"Bass move to creek channel banks, points and ledges when the water turns dingy, which is why this technique works. Baitfish also move shallow during these conditions, but this pattern isn't about bass following the bait. It's more about structure, because a lot of these bass are actually feeding on crawfish. In the winter, the water temperature in a lake is usually the same from top to bottom, so we're not talking about a winter rain that might warm the water a few degrees. "I think it's just because bass in dingy water will be shallower, regardless of the time of year. We saw this in June during the Bassmaster Elite tournament on Toledo Bend in Louisiana. Brent Chapman won fishing relatively clear water 25 feet deep, but Marty Robinson finished third by fishing far up the lake where the water was much more off-color, and he caught his fish 12 to 14 feet deep."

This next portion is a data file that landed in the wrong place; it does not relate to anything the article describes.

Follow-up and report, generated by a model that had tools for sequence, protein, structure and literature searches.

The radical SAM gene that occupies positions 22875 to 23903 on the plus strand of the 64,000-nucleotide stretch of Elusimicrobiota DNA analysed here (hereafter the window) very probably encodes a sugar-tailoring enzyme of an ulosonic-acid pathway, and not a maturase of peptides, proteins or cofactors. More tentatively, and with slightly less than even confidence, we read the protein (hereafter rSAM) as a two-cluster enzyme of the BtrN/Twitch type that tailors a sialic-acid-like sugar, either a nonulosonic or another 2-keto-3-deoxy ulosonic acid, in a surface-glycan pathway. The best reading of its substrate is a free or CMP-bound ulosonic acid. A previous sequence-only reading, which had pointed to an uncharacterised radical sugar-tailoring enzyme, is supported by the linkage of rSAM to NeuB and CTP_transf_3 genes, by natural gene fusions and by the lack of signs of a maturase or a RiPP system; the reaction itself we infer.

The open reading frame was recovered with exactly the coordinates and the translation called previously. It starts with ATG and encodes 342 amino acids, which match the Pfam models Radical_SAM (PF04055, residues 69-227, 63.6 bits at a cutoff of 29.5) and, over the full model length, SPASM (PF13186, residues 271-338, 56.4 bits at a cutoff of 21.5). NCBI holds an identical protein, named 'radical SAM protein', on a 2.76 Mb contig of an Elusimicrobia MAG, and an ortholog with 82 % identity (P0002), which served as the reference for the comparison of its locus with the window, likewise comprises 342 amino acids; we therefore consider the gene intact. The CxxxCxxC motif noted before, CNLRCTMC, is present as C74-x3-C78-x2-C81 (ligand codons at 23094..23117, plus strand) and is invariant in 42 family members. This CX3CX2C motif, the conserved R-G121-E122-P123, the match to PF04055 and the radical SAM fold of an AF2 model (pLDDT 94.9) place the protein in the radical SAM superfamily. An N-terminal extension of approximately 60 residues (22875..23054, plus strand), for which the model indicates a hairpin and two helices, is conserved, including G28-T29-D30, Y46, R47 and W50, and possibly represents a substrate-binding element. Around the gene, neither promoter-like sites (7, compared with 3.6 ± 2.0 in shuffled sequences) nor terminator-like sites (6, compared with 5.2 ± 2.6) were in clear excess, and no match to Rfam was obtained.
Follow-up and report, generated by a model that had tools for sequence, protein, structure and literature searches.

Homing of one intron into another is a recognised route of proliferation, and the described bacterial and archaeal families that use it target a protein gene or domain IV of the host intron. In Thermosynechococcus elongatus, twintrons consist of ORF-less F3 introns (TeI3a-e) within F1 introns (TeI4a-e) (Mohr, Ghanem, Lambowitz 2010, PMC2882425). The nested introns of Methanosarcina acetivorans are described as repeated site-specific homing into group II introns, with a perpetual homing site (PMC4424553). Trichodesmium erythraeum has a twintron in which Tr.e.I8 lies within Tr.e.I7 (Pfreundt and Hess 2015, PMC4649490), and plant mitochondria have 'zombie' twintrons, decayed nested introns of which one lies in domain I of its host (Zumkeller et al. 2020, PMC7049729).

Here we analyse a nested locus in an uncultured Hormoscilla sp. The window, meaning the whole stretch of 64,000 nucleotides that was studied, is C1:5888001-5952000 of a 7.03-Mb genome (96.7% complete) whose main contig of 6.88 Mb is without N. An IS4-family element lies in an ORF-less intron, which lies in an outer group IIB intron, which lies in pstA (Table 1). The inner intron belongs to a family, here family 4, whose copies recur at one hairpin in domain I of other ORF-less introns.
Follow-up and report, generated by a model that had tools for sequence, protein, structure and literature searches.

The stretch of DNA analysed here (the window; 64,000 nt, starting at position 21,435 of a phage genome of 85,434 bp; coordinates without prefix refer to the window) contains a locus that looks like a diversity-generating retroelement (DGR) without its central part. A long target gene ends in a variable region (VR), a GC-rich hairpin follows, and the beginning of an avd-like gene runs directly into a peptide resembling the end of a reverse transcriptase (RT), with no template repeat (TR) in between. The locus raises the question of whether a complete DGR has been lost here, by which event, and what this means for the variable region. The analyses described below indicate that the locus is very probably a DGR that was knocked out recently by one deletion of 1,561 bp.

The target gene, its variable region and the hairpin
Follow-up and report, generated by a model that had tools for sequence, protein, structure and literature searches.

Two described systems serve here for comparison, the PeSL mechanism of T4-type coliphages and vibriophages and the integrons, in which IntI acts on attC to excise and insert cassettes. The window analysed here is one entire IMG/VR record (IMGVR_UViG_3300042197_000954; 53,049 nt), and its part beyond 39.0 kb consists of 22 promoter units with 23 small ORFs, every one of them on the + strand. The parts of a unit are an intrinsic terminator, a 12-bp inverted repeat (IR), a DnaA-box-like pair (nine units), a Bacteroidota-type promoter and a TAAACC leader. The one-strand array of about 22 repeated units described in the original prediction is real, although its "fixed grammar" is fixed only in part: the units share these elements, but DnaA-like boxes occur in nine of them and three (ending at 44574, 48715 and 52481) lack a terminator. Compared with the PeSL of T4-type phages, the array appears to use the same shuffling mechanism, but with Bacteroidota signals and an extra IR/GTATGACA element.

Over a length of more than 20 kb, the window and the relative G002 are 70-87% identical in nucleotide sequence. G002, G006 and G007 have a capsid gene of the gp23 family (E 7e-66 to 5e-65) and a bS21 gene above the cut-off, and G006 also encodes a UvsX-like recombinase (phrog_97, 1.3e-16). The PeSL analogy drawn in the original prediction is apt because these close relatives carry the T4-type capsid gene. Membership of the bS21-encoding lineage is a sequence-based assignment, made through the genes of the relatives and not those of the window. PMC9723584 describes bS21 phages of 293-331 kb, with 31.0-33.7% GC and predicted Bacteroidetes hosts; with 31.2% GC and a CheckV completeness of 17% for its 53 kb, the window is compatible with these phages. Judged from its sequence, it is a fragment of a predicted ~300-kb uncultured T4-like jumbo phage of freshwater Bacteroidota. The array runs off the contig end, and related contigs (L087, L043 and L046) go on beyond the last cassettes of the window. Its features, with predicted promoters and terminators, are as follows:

"This type of winter fishing is structure-related, not really forage-related," he repeats, "so my first choice for locating stained water is moving to a major tributary and letting the water color tell me where to start. The main lake may also have stained water where the bass will also move shallow, but you'll find them faster in a tributary, especially if you go as far back as you can and fish your way out. "In a lake, the upper end will turn muddy first, and the back of a tributary will also be the first to turn color. In either instance, what you'll encounter will be a section of off-colored water, which will not be uniform from its upstream edge to its downstream edge. It may be several miles in length, especially if the rain is a long one. A lot of fishermen call this section of dirty water a mudline, but I describe it as a section of off-colored water because it isn't uniform from end to end, and at times there may be clear water both above and below it. "As you motor up the tributary through this section of water, look for potential places to fish as you do come back out. I like to follow the creek channel itself with my electronics and key on bends and swings, and especially points and small fingers that extend out into the channel itself. Remember, too, the water temperature and water clarity relationship. "You can look for this same type of structure on the main lake, too, but because it's so much larger, as well as generally deeper, the bass will have more places to go. In a tributary, everything is condensed into a smaller area. With this technique, you're not necessarily trying to cover a lot of water. Instead, you're looking for a concentration of fish; that magic spot where a school of bass has schooled together."